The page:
On December 9, 2019, family lawyer Maria Cognetti testified before the House Judiciary Committee about the pitfalls in Pennsylvania’s proposed presumption of shared custody bill. As chair of the custody sub-committee of the joint state government commission on family law, she was invited to address Congress in Harrisburg, Pennsylvania. As an experienced subject matter expert, she was the perfect choice to offer testimony on the pitfalls and problems and pitfalls contained in Pennsylvania’s proposed presumption of shared custody bill.
Here is her testimony.
Representative Davis, Representative Helm, and other members of Congress: thank you for allowing us to be here. My name is Maria Cognetti and I’m a family law attorney in Camp Hill. I am the current and past chair of the joint state government commission, Domestic Relations Advisory Committee on Custody. I’m also a past-president of the American Academy of Matrimonial Lawyers, a past-president of the Pennsylvania chapter of same, and also a past chair of the Family Law Section of the Pennsylvania Bar Association.
The Presumption of Shared Custody is Almost Impossible to Overcome
For over 42 years my practice has been limited to family law. Most of my practice has been custody. Most of my custody clients are men, and I can tell you that my male clients would not like this bill. Good dads want and deserve the ability to ask for primary custody. And I, for one, have a number of dads who get primary custody. The proposed presumption of shared custody bill would basically take away their ability to do that, based on how hard the presumption is to overcome.
Interestingly, I noted that Mr. Poe, well known to many of us, states that his objective is to have equality between mom and dad when entering Family Court. He said that his case shows that shared parenting works. We agree that it works. We’re not saying it doesn’t. However, it works in the right case.
As many have pointed out, and Judge Clifford just emphasized, our statute already says that there shall be no presumption. That language presently gives parents equal footing while protecting the rights of the child and putting the child’s best interests first.
As Gail Calderwood [immediate past-chair of the Pennsylvania Bar Association (PBA) family law section] pointed out, and most of us have been stating, this bill is parent-centric. The bill should be kid-focused. This bill puts the parents’ rights ahead of what is best for the child.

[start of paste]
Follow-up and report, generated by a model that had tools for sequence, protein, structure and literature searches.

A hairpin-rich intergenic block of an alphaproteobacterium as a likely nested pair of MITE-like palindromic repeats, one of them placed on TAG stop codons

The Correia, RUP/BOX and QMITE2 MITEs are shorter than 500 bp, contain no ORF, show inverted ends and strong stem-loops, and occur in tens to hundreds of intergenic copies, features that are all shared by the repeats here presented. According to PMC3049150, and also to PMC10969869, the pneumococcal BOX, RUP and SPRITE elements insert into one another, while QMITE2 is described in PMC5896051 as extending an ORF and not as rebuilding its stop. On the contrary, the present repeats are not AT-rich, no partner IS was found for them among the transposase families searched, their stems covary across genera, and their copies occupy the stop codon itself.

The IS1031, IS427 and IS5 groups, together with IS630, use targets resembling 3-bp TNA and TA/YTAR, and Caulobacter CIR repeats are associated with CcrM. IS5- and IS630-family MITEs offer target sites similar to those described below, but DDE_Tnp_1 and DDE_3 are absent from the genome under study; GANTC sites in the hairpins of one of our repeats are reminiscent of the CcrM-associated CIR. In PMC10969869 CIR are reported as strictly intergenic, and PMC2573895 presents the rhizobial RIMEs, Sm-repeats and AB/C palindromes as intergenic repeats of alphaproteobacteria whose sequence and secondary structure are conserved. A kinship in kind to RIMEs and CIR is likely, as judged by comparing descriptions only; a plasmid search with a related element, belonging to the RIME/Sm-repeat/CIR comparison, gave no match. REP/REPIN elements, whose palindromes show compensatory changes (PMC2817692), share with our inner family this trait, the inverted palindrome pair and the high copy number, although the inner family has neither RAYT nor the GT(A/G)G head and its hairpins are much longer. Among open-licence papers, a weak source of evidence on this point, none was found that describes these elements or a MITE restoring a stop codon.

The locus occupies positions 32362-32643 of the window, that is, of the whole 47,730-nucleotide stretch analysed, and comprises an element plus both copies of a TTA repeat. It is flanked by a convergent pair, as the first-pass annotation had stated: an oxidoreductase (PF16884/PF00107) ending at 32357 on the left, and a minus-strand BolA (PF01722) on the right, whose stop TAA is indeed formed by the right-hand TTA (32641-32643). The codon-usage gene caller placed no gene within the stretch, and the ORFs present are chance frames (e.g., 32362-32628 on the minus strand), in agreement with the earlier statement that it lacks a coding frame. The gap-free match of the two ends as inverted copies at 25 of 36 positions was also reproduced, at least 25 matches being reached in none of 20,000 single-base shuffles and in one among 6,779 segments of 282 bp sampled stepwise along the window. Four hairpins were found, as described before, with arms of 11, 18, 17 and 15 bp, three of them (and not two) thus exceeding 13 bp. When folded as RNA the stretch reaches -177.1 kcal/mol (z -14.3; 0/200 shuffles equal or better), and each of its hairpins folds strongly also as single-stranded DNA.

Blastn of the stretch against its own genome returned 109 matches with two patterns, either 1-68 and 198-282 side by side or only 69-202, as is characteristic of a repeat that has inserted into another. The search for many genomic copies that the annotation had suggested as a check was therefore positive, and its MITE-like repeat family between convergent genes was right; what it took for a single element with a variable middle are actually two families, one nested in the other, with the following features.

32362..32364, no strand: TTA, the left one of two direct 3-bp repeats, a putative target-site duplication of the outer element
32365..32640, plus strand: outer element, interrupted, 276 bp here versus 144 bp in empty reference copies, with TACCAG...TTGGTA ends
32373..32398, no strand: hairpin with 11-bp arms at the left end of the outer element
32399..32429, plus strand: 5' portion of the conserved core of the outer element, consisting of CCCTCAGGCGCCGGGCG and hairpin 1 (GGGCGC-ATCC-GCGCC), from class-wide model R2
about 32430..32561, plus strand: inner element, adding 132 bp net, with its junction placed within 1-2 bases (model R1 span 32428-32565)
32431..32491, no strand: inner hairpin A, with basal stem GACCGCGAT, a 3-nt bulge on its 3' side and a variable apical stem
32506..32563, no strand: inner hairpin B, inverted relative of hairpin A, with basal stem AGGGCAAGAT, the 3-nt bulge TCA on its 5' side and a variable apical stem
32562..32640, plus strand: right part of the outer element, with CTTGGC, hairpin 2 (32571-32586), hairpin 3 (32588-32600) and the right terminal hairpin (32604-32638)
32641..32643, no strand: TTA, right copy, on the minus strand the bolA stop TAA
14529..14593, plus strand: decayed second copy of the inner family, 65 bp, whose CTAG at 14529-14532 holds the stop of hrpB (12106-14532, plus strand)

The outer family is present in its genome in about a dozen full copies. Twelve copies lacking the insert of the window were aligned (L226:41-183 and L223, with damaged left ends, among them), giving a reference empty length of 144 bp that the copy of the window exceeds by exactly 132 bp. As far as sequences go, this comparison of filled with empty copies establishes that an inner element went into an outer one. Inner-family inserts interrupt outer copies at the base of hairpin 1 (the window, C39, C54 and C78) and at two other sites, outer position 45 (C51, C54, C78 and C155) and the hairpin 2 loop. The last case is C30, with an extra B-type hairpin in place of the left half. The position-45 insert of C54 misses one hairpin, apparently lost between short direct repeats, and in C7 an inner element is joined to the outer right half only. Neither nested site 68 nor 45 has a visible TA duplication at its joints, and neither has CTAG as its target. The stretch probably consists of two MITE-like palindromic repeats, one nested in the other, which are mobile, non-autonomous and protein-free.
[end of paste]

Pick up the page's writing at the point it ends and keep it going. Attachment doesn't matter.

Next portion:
Representative Helm acknowledged that sometimes there’s going to be an order that’s going to be other than shared custody. There might be a case where there would be primary. Absolutely. We know that’s true. However, that belief and understanding lead to the second huge problem – the burden of proof.
If you have not read Gail Calderwood’s entire written testimony, I would commend that to you. She covers the burden of proof and makes it very, very clear just how difficult, if not impossible, it is, to get past that burden. That’s not something we want in family law. That’s why you never see that burden of proof in family law.
It was also interesting to note that Matt Hale was here today from Kentucky. I finished our research on the 50 states and in fact, the only state that has a presumption anywhere near what is suggested by this bill in Kentucky. No other states have that type of presumption. When they use the word “presumption,” it’s where both parents agree there shall be a presumption. Neither parent is entitled to a preference, which is very similar to our statute. Custody is to be awarded without regard to the sex of the parent. This is similar to what we have, but there is no state other than Kentucky that has a statute even close to this one. If I’m correct, I believe Kentucky’s presumption has a standard of proof below what is suggested by this bill.
Why Partial and Primary Physical Custody are Still Necessary